BRUNSWICK COUNTY — Brunswick Regional Water and Sewer H2GO Chairman Jeff Gerken is seeking a second term on the utility’s Board of Commissioners.
Gerken was first elected to the board in 2015.
Author’s note: Port City Daily’s candidate interviews are largely unedited. Edits have only been made to correct spelling or grammatical errors. Candidates were not given word or character limits to answer each question. Questions were delivered to candidates prior to the moratorium being lifted on September 27.
What is your campaign platform?
“Leadership you can trust”, exemplified by competence, character, and common
What makes you qualified to serve as commissioner of a water and sewer utility?
- I have been a commissioner of H2GO for nearly four years.
- I have a degree in chemistry and a master’s degree in industrial engineering.
- I have 35 years of experience in engineering and scientific leadership positions working for a major electric utility company.
- I managed a $10 million dollar per year research budget.
- I have experience in managing multi-disciplinary teams of from five to more than 30 individuals.
- I chaired the meetings of the team that resulted in the proposed regional agreement.
The Northeast Wastewater Treatment Plant is under moratorium for exceeding capacity in 2018. H2GO’s Chappell Loop Road plant has neared capacity for years (but can’t upgrade due to a 2010 court order resulting from Brunswick County’s lawsuit). Which parties, in your opinion, should be held accountable for
I’m not sure what you mean by a “scenario”. A scenario is a possible course of action or events. The Northeast Wastewater Treatment Plant moratorium is a temporary situation that is being handled by Brunswick County. The entities that have capacity in the plant, including H2GO, have provided plans for reducing infiltration and inflow (I&I), a major contributor to the situation. Problems at H2GO’s Chappell Loop Road plant were another contributing factor, and so was Hurricane Florence.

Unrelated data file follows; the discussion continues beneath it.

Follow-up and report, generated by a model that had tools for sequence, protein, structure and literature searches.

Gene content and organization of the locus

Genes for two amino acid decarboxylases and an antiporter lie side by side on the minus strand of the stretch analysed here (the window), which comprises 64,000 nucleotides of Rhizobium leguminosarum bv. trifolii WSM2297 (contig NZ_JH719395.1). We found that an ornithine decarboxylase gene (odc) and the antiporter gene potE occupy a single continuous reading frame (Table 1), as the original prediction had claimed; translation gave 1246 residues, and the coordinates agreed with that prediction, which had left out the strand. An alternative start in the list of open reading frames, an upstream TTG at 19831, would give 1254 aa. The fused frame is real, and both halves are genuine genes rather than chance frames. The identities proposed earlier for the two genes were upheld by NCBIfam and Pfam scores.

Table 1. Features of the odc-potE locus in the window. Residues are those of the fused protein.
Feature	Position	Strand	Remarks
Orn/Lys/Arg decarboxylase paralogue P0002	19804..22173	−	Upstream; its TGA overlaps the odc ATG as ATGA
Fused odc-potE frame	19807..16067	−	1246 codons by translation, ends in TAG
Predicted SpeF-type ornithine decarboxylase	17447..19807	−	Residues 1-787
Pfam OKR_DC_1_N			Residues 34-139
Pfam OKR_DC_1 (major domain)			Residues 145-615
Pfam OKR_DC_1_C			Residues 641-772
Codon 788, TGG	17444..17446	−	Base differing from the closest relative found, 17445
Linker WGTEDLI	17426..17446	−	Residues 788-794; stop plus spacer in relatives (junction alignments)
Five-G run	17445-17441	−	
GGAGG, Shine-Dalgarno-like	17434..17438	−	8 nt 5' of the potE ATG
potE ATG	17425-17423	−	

The 2010 court order is not the reason for H2GO’s inability to increase capacity at the Chappell Loop Road plant. The contract signed by H2GO commissioners when the company purchased capacity in the Northeast Wastewater Treatment Plant is the reason. The court order simply enforces that contract.
What lessons should regional leaders learn from this scenario, and what solutions can you bring to the table?
Again, it’s a situation or fact, not a “scenario”. The solutions to situations like this are communication, cooperation, and, at times, compromise. I have long been an advocate of “regional solutions for regional problems”.
What would you (or do you) say to customers in the region who are frustrated with their utility providers given the moratorium, lawsuit, and years of political battles over public utilities?
First, the moratorium is a temporary situation. I’m not aware of any person who has been unable to connect to a sewage system because of the moratorium.
Second, with respect to lawsuits and political battles, I would urge customers to vote for public officials who follow the law and do not engage in or encourage unlawful acts, such as the transfer of $60+ million dollars in assets to a small town or the disenfranchisement of 91% of a company’s customers.
It’s been a nasty couple of years. Campaign material from both tickets show this race won’t be pretty while both sides defend their position statements and past
actions. Can you try to compliment each of your opponents on one topic or issue?
At the August 2019 H2GO board meeting, the scripts Mr. Hosmer and Mr. Laub prepared for their surrogates to read voiced their limited support for the regional compromise plan that came out of the regional working group that I chaired, and I appreciate their support.
What’s one thing about you that some people misunderstand? What would you like voters to understand more clearly about you?